This Republic had its beginning…under the protection of certain unalienable political rights…these political rights proved inadequate to assure us equality in the pursuit of happiness. We have come to a clear realization of the fact that true individual freedom cannot exist without economic security and independence. Necessitous men are not free men. People who are hungry and out of a job are the stuff of which dictatorships are made. All of these rights spell security, and after this war is won we must be prepared to move forward, in the implementation of these rights, to new goals of human happiness and well-being.
Thus President Franklin D. Roosevelt in his 1944 State of the Union address introduced what he called the second bill of rights. These comments reflect key values that drove his vision for a new world order following the Second World War. FDR’s continued emphasis that Americans must care about social issues beyond their own borders laid the foundation for the United Nations. We are the beneficiaries of FDR’s views of enlightened self-interest.
This is the third and final installment of Nigel Hamilton’s biography of FDR during the war, and it is well worth the read. (See reviews of vol. I in FH 168 and vol. II in FH 176.) Hamilton crafts a gripping tale of how this visionary leader guided the world to final victory against the axis as his health steadily got worse. FDR’s vision, eloquence, diplomacy, and charming ability to connect diverse perspectives is frankly hard to match in modern history. Hamilton deftly guides the reader through the momentous years of 1943 through 1945 encompassing incredible accomplishments in a context where the stakes could not have been higher while guiding a coalition of the barely willing.
One could hardly find a more unlikely coalition anywhere in the history of mankind. FDR managed to hold Churchill and Stalin together as an alliance against the axis powers through some of the most contentious debates imaginable. Churchill was an open critic of communism with an established record of anti-Communist rhetoric. Stalin was the extremely authoritarian dictator of the Soviet Union and distrustful of anyone. Somehow FDR was able to bring these incredibly diverse perspectives together to a unified purpose towards a postwar world that most people at the time could not even imagine.
Hamilton continues his description of the close yet often contentious relationship between FDR and Churchill. FDR had his hands full trying to prove to Stalin that a Western front through France would be opened all the while fighting off repeated attempts to prevent it by Churchill. For readers who are fans of Churchill, they might think this book overly critical of the beleaguered Prime Minister who stood and faced down Nazi Germany in 1940. That simply is not the case. Both Churchill and FDR are depicted as incredible visionary leaders yet men with feet of clay. The sheer diversity of sources that Hamilton marshals in this final work depicting FDR’s impact on world history continues to amaze as it does in his earlier volumes. This book contains descriptions provided from personal journals, public records, and radio broadcasts just to name a few. Especially fascinating is Hamilton’s ability to include journal entries from the Nazi propaganda minister Joseph Goebbels. Such sources provide a breadth and depth to this narrative that not only discusses the facts about what happened, but what people believed at the time about those events. Among the most important events during this time were the conferences at Tehran and Yalta as well as the invasion of Western Europe: D-Day.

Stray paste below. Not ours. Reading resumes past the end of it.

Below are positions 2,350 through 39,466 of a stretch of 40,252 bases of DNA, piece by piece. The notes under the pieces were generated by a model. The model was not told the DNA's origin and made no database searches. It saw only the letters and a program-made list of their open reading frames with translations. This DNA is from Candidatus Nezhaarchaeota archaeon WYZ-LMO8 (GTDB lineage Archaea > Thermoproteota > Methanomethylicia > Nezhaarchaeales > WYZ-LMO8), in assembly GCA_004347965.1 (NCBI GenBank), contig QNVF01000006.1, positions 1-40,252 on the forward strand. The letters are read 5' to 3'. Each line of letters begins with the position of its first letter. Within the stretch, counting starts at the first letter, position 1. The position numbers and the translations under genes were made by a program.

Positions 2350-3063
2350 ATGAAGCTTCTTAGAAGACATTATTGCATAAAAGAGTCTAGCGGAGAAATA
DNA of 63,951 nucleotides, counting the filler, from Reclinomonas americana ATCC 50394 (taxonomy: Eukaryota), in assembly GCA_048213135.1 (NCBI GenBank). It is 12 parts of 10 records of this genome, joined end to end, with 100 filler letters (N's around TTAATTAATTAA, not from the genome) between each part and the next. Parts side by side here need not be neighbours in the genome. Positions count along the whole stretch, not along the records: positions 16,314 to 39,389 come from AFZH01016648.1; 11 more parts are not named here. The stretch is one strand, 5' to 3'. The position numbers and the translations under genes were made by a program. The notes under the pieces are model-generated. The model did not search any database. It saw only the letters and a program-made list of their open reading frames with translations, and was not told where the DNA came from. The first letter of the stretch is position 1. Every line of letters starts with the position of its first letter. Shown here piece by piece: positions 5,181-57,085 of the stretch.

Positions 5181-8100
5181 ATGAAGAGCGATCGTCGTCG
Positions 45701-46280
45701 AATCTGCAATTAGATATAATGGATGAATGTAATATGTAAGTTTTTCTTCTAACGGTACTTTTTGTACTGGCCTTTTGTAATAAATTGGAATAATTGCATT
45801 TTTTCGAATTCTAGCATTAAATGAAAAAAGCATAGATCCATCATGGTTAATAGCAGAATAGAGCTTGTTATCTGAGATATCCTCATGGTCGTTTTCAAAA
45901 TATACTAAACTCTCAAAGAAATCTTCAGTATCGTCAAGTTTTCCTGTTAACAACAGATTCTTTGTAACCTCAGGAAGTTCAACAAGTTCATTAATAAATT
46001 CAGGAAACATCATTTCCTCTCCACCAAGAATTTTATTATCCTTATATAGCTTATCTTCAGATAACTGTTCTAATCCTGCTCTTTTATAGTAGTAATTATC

It is hard today to imagine just how difficult travel was during the war even for the able-bodied. Imagine someone who is wheelchair-bound enduring a 1400-mile journey that incorporated sea, air, and motor travel. Add to this the fact that FDR’s health was continuing to plummet throughout this time, and you have the makings of an incredibly dramatic story. How FDR successfully obtained, if not always consensus, at least cooperation establishing D-Day in Tehran despite Churchill’s continuing objections was amazing. The fact that FDR was able to chair an almost weeklong conference at Yalta setting the foundational agreements for the end of the war and the establishment of United Nations was a pivotal event in world history. That he was able to achieve such accomplishments all after a fatal diagnosis of heart failure a year earlier, borders on superhuman. Hamilton puts the reader at FDR’s side throughout these incredible accomplishments as if the reader were present to observe them unfolding.
Nigel Hamilton has created a masterwork in War and Peace that readers will find hard to put down. His writing style is engaging, well researched, and provides insights that even the most well-read historians might find surprising and new. Among the most important is a deeper understanding of the foundations of the world that we live in. FDR’s charming diplomacy is refreshing today when competing interests, inflammatory rhetoric, brinksmanship, and the emphasis of national interest seems to rule. It is not just FDR’s ability to bring together diverse interests that makes this engaging. War and Peace reminds readers of what national leaders were able to accomplish when they worked to find common ground. Perhaps it’s time we re-examine FDR’s ability to honor human rights beyond America and around the world.
Richard A. McConnell, D.M. is Associate Professor of Tactics at the US Army Command and General Staff College.
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